I usually don’t think of books set in the twentieth century as historical fiction, but that’s what Gary D. Schmidt’s The Wednesday Wars is billed as. The novel returns to the 1967-1968 school year, where Holling Hoodhood finds himself alone on Wednesday afternoons with his teacher, Mrs. Baker. Holling is in the unique position of being Presbyterian in his split Catholic/Jewish town, and while the rest of his classmates leave on Wednesday afternoons to go to either Hebrew School at Temple Beth-El or to Catechism at Saint Adelbert’s.
Holling hates his time with Mrs. Baker. He is convinced that she hates him, yet is in the position of having to do everything he can to get into her good graces. His father is the owner of Hoodhood and Associates, an architectural design company that is trying to get a contract with the Baker family. Holling begins with cleaning erasers for Mrs. Baker on Wednesdays. He runs errands through the school in the afternoon and helps to clean the cages of the two classroom rats, Caliban and Sycorax. This last task does not go as planned. The rats escape and make frequent appearances in the rest of the novel.
However, at one point in their Wednesdays together, Mrs. Baker decides to introduce Holling to Shakespeare. She assigns him the Tempest, which he is actually pleasantly surprised by. Holling is taken by Caliban’s curses. He recognizes the rhythm of them and finds that he memorizes them easily. The Tempest is followed by Romeo and Juliet, Macbeth, Hamlet, and Much Ado About Nothing. Holling interacts with these stories and finds that his own life starts to reflect their stories. He ends up going out for a date with a girl in his class while he’s reading Romeo and Juliet, and uses their experience together as a way to understand what the play was about.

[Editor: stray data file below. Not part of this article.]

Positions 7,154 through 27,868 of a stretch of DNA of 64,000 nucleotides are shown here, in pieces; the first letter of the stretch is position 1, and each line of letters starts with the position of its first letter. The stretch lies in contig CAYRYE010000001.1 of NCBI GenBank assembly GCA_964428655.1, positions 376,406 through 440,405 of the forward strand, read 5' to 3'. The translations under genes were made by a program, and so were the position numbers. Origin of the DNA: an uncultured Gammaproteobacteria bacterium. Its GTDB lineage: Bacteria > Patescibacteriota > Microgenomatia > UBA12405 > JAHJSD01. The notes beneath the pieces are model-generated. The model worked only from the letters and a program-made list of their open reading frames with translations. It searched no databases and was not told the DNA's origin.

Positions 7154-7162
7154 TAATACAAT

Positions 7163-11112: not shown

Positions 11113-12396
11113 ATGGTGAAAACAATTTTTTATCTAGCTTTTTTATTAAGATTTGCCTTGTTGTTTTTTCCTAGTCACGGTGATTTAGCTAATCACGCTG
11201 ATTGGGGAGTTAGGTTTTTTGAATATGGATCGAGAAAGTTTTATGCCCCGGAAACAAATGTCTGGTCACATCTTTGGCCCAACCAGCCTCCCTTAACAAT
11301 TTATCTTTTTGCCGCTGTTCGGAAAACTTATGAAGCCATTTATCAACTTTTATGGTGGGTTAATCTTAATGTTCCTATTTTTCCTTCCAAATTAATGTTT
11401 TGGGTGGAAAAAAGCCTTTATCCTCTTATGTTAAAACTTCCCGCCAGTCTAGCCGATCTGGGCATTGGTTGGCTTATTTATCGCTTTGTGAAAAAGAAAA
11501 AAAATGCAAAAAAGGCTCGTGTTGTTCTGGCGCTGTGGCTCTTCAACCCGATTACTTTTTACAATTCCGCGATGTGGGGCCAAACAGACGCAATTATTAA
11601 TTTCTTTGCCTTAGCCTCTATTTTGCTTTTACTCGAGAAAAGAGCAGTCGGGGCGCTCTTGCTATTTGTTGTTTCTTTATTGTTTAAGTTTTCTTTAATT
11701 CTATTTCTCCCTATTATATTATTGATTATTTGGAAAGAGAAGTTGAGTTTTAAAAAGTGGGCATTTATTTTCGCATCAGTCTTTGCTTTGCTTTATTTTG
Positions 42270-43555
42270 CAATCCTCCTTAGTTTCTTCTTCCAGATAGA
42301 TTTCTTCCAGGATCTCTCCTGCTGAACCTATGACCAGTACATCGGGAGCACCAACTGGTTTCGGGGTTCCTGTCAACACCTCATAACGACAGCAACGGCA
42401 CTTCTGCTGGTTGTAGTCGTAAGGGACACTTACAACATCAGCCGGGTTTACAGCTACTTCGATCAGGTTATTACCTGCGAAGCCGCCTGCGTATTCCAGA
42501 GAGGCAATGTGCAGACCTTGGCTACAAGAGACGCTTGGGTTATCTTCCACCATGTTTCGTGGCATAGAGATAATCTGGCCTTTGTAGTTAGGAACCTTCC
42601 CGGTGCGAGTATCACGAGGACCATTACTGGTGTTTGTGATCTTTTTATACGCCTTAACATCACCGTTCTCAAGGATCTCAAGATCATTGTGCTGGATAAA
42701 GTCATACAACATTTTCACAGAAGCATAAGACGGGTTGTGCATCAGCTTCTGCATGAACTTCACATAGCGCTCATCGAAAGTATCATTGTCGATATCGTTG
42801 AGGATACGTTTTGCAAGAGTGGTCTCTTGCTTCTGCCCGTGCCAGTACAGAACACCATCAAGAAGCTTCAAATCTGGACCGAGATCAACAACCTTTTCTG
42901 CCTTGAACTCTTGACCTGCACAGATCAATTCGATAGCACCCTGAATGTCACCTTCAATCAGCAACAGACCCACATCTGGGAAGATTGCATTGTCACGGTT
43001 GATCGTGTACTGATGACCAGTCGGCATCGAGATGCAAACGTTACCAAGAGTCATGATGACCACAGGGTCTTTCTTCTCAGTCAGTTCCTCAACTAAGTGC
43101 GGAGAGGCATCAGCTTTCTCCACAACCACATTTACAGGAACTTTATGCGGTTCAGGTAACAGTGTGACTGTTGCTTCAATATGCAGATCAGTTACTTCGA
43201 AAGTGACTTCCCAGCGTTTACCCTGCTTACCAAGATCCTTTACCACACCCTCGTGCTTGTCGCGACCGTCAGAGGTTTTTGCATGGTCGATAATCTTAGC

I was a little bit disappointed in this novel. I had heard about it a few years ago. I actually think it was an Amazon recommended novel based on some book that I bought at the time, which was probably a Newberry winner because Schmidt’s novel was a Newberry Honor book in 2008. What begins as a book about a young boy who seems to go through a series of humorous events turns into that series of humorous events. As strong of a character Holling seems like, it’s as if Schmidt’s goal of being funny takes over at times and throws the reader through a hurtling series of “this-can’t-possibly-get-any-worse.” For example, Holling is cast as the fairy Ariel in The Tempest. First he learns that he has to wear a pair of yellow tights “with white feathers attached you can guess where.” He tries to keep his participation in the play a secret from his classmates, only to have his teacher invite them all to see him. Soon Holling learns that the night of the play conflicts with the arrival of baseball player Mickey Mantle, who is coming to visit and is willing to sign baseballs. If the lead up is not enough, the actual series of events that take Holling from the play to where he needs to go to meet Mickey Mantle becomes one unfortunate event after the other. I found myself skimming through the last hundred pages or so, because it started to read like a book outline, these small events that had to be overcome in order to get the reader to the end.
Where the novel succeeds is in the interactions between Holling and his sister, and Holling and Mrs. Baker. Interestingly, throughout the novel Holling changes his opinion of how he feels about both of them. His sister – a flower child who runs away with her boyfriend Chit – is initially an annoyance to Holling (even though their exchanges at this time are a highlight of the novel). Mrs. Baker is slightly different. Holling’s belief that she hates him is never really realized. Instead, the reader can see the way that she helps Holling come to understand who he is and what he might be capable of. Nonetheless, Holling arrives at this conclusion at the end, that Mrs. Baker has had his best interests in mind throughout the novel. These two transformations take the novel out of its series of humorous events and make it about something meaningful.
I’m not sure if I would recommend The Wednesday Wars. It seems that there are so many other adolescent and young adult novels that use humor much more effectively, as a way to affect emotion in important and dynamic characters. Spud by Jon van de Ruit is one of these, as is Harris and Me by Gary Pullman. But I did like to spend some time in Holling’s world, and to return to a slightly less contemporary time period to do so.